In the last year, the site received over 980 emails from concerned youth, and this year The Institute of Communication Agencies has even adopted YLC as their focus charity in 2010. By offering a safe heaven in which those looking to voice some of their difficulties can do so, YLC hopes to enable youth to recognize that with a little help and support, their problems can be fixed.

YLC’s success is also in large part due to the help of those who have suffered the tragic loss of a family member to suicide. Two such volunteers are Muhammad and Mark Kajouji, father and brother of Nadia, who have become ambassadors on behalf of YLC.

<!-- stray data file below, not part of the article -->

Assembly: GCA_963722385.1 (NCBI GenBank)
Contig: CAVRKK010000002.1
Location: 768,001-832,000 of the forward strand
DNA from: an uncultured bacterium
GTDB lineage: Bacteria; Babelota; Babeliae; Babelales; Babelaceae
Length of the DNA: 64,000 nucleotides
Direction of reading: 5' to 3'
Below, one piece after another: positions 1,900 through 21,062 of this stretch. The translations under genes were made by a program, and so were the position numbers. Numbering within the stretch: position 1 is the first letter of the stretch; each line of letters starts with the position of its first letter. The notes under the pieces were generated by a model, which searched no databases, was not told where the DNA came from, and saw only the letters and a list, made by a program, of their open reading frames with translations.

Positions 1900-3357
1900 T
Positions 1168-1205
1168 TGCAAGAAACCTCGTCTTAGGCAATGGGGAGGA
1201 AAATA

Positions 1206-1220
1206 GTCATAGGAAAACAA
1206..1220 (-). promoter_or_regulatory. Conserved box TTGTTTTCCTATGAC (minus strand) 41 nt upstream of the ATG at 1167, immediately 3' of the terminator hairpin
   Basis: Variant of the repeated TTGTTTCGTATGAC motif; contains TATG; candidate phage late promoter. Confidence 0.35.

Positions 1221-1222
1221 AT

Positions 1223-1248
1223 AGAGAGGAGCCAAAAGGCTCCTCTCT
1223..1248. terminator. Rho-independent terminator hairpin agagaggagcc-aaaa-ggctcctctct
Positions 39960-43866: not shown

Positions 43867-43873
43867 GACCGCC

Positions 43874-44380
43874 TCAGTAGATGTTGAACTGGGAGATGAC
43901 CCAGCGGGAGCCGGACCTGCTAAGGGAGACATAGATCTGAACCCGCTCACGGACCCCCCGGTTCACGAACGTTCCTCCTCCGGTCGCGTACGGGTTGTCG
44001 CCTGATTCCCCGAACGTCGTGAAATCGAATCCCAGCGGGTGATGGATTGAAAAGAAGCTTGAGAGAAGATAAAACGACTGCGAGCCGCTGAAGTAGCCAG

“Their concern is to work with the system, to help the system, to understand where the pitfalls and dangers lie,” says Butler. “And how we can begin to ensure that the dreadful loss of Nadia doesn’t happen again.”

The criminalization of suicide attests to the desperation on the part of the government to dissuade those contemplating ending their own lives. That is why mental health services on campuses and online organizations like YLC seek to remind youth that their problems can be addressed long before suicide becomes the only alternative. Both Butler and Pihl affirm that “suicide is a permanent solution to a temporary problem” – it is a remedy to an ephemeral state of mind, and one that cannot be taken back.